by John McClaughry With a new President and Governor inaugurated this month, it’s a good time to rethink the limits of executive power to act without the authorization of the Constitution or the legislature – especially in view of the growing abuse of executive power.
The US Constitution bestows upon the President the power to make appointments, fill vacancies and commission officers, make and submit treaties to the Senate for approval, grant reprieves and pardons, serve as commander in chief of the armed forces (“the war power”), and the duty to “see that the laws are faithfully executed.”
The war power has become exceedingly broad. The faithful execution clause recognizes that the President may, by executive order, organize and direct the work of his subordinates. The borderline between such necessary direction and acting without authority to promote the President’s own ends has never been clearly defined.
For example, President Jefferson, the strictest of strict constitutionalists, ordered the construction of gunboats in private shipyards even though Congress had not voted funds to pay for them.
President Franklin Roosevelt issued Executive Order 6102 of 1933, "forbidding the hoarding of gold coin, gold bullion, and gold certificateswithin the continental United States". The effect of the order was to criminalize the possession of monetary gold by any individual, partnership, association or corporation.
By far the most extravagant use of the Executive overreach has come in President Obama’s second term. His actions were based on the Obama-invented doctrine of “We Can’t Wait!” for the Republican-controlled Congress to do his bidding.
Obama decreed that five million illegal aliens would be exempt from deportation, the law notwithstanding. An appeals court found this beyond the President’s powers, and the Supreme Court affirmed.
The Supreme Court ruled 9-0, including Obama’s own liberal appointees, that Obama could not constitutionally make recess appointments while the Senate was in session.
The Obama EPA decreed its Clean Power Plan to shut down carbon dioxide emissions, but it was promptly enjoined by a Federal court, and the case remains undecided.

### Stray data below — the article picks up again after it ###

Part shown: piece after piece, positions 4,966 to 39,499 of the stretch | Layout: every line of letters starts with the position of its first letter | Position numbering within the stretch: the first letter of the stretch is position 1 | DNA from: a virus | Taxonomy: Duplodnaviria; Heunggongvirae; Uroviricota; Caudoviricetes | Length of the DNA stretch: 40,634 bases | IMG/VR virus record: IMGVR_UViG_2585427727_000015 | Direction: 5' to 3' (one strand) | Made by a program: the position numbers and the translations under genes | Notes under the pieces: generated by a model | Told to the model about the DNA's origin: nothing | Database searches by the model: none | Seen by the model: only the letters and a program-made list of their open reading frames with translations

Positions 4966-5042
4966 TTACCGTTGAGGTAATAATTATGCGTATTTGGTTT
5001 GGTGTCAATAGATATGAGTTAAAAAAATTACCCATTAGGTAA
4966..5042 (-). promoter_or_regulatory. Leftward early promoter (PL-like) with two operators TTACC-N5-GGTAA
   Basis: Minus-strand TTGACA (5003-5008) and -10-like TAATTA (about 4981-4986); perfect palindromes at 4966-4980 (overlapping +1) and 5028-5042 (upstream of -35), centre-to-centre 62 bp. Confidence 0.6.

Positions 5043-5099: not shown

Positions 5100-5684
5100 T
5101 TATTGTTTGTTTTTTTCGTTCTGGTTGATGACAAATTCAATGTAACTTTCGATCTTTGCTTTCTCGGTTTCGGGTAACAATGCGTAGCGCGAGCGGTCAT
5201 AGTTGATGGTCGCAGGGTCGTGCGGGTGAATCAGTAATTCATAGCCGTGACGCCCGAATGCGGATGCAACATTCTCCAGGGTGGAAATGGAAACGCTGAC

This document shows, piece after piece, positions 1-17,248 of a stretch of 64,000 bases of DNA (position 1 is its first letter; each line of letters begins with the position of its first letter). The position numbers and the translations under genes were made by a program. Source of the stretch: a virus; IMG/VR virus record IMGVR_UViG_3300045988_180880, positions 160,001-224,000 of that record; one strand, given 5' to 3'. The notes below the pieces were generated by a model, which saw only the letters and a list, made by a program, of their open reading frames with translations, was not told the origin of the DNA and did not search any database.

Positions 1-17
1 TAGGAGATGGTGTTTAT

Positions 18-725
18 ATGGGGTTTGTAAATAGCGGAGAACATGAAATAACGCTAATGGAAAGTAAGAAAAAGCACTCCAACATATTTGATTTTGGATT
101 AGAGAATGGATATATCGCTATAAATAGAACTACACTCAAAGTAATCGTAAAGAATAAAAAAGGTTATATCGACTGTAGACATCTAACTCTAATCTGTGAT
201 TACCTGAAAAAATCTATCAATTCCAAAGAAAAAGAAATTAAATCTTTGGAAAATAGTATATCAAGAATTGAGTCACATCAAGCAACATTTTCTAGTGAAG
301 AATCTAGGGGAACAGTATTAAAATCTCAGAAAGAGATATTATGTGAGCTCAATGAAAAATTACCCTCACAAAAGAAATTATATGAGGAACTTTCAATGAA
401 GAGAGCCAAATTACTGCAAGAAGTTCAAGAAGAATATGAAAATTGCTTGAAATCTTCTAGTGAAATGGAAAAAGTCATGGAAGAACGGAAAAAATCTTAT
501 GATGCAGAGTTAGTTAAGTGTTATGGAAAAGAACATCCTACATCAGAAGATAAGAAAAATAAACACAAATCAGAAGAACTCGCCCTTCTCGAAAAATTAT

The 6th Circuit Court struck down Obama’s decree that his administration could regulate any body of water that eventually drained into the navigable “waters of the United States”.
Another Federal judge ruled that if Congress does not appropriate funds for the Obamacare “premium reduction program”, the President may not redirect lawfully appropriated funds for that purpose.
All of these cases, and quite a few more, issued from either Executive Orders or other actions by an administration operating under the Obama’s “We Can’t Wait!” theory. In Jefferson’s day, when Congress met infrequently, his decision to buy the gunboats and hope Congress would appropriate the money (it did), is pardonable. But in this day, the extralegal acts of the Obama administration pose a dangerous threat to Constitutional government.
The Vermont record is not nearly so bad, but recent Governors have done some high handed acts that went beyond the law.
Governor Dean noticed a sign at Exit 10 of I 89 announcing the existence of the Cold Hollow Cider Mill in Waterbury Center. The business owner had gone through the process for obtaining a permit and paid for the sign, only to have Dean direct the Transportation Department to take it down because it offended Dean’s sensibilities.
Just last month Gov. Shumlin decided he could appoint a Supreme Court Justice to replace Justice John Dooley, despite the obvious fact that there is no vacancy to fill until Dooley departs the Court, which he refuses to do until April.
On December 20 Shumlin issued a lame-duck Executive Order to put state contract bidders at a competitive disadvantage unless they adopt approved energy conservation and efficiency practices, promote electric vehicles, and purge their employee retirement funds of investments deemed unacceptable by Peter Shumlin, i.e., fossil fuel companies.
Can he do this? Legally, it’s an open question, but no constitutionally responsible governor would even think of doing this without obtaining authority from the General Assembly.
Incoming Governor Phil Scott ought to immediately rescind this order, and announce that if and when the General Assembly directs that state contracts be awarded with certain political conditions, it can put a bill for that purpose on his desk, which he will sign, or not.
There has also been some talk, from the camp of the Governor-elect, that he intends to prohibit more wind towers in Vermont by Executive Order. Gov. Scott should think long and hard before succumbing to that temptation.
A far easier way would be for the General Assembly to cancel out the Federal Production Tax Credit subsidy, which it can easily do. That would be the end of Big Wind, and the new Governor would avoid a thoughtless and regrettable drift into the “I Can’t Wait!” camp.
John McClaughry is vice president of the Ethan Allen Institute (www.ethanallen.org).